Ask HN: Why does this spammer keep calling me when he loses money each time?

9 points by didgetmaster 3 days ago

I use my phone for a small software business so I can't just block any unknown number. A call from a customer or potential customer could come from anywhere. I must get a dozen cold calls a day from spammers/scammers.

I automatically just hang up if the other end is a recording, but if it is a live person I will let them give their sales pitch. Even if they are just paying slave wages to some outfit in India, it still costs them something to have a live person speak to me. Every minute I keep them on the line is one less minute they could be scamming someone's grandmother. So if I am not too busy, I think it is a public service to waste a few minutes of their time. If everyone did this then these shops would have to change their business model or go bankrupt.

There is a certain outfit selling insurance for 'final expenses'. I have no doubt that it is way overpriced and if I died then if by some miracle they were still in business; then my heirs would probably have to fight them for any money they owe.

I have tried everything. Politely telling them no (after making them repeat everything a few times). Telling them to get lost. Telling them I am way too young. Telling them they are scammers and I will never fall for their scam. Nothing makes them take me off their list. They must have called me 100+ times. Every time is a complete waste for them, but they keep doing it.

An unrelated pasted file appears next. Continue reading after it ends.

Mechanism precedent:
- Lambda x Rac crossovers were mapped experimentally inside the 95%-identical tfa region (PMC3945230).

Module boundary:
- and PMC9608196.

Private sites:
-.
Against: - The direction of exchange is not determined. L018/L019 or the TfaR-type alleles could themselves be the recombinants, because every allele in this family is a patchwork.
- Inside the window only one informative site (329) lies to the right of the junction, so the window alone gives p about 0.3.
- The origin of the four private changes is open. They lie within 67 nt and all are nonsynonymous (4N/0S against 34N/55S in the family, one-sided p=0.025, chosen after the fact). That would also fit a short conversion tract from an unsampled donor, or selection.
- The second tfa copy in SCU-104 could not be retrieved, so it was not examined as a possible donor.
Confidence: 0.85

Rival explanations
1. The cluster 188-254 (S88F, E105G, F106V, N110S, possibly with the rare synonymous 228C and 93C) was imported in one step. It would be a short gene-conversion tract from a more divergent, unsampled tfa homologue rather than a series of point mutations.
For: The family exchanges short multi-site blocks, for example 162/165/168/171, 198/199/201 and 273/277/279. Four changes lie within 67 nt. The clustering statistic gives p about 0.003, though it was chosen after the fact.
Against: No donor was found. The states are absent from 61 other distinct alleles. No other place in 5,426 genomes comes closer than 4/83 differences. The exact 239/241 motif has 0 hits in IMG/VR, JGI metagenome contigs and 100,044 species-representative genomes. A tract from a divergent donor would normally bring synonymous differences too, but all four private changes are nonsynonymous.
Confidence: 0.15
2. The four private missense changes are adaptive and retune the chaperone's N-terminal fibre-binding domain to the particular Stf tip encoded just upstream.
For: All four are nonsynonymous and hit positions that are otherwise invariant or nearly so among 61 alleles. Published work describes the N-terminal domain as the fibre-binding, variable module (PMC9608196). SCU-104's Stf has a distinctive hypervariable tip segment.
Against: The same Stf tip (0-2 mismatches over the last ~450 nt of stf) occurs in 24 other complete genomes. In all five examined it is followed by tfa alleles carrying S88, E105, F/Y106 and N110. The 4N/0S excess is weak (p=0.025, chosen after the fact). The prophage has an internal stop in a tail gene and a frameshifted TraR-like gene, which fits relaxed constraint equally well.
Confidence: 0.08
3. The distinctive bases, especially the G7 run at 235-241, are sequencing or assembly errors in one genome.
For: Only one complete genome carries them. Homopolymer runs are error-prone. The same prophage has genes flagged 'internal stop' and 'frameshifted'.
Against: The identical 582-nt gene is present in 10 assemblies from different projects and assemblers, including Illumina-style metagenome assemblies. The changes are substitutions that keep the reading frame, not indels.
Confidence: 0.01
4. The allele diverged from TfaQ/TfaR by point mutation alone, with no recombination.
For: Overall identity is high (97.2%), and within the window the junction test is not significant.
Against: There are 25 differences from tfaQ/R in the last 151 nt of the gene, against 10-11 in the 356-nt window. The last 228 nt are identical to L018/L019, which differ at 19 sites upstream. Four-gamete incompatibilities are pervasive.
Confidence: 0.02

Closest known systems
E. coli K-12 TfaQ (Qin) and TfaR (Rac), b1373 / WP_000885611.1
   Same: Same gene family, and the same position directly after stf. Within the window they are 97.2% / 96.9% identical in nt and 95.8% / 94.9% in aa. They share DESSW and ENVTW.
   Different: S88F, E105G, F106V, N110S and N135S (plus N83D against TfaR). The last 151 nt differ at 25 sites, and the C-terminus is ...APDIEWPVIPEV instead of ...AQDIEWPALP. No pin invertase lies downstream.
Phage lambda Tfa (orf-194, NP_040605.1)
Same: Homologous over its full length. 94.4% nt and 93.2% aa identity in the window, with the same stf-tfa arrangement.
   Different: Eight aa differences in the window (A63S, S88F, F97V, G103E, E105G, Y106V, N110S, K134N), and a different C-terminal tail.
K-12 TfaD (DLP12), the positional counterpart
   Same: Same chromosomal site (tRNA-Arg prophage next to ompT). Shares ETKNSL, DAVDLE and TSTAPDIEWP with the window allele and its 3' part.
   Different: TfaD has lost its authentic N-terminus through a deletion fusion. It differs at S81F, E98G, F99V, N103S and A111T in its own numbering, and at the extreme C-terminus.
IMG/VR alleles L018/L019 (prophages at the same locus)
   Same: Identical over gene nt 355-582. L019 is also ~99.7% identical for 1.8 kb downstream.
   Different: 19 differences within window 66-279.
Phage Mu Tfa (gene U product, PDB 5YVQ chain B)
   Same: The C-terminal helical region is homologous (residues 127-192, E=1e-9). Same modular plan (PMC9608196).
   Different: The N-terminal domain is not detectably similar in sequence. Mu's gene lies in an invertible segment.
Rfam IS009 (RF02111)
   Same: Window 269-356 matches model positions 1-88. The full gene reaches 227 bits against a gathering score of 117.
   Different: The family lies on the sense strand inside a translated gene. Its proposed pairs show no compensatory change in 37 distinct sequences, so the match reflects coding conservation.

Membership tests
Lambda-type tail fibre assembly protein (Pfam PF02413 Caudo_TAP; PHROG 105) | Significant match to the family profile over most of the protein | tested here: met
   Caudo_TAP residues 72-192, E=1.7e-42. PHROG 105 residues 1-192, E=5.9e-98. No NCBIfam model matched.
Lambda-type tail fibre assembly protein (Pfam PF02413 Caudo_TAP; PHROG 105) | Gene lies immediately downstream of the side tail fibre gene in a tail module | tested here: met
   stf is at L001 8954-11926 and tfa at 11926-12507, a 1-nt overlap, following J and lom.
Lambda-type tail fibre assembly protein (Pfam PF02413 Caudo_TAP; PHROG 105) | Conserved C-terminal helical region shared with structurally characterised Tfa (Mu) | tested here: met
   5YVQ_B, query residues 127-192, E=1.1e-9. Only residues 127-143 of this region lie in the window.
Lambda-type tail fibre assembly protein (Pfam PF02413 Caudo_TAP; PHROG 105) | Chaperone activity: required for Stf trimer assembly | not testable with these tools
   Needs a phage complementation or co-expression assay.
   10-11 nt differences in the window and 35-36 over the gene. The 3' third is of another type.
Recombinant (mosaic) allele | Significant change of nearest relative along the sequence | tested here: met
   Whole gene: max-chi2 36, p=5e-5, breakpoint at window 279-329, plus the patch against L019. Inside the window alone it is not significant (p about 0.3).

As Butch Cassidy would say, that is bad for business. But they keep doing it.

notahacker 3 days ago

Can think of plenty of possible reasons.

They bought a fairly short "prospect" list for crappy life insurance products, you're on it for whatever reason and whoever's selecting names to call from the prospect list doesn't have the ability (or inclination) to remove names from it.

It's not one entity, it's some MLM type operation where everyone gets given or sold the "prospect" list which happens to include your name on it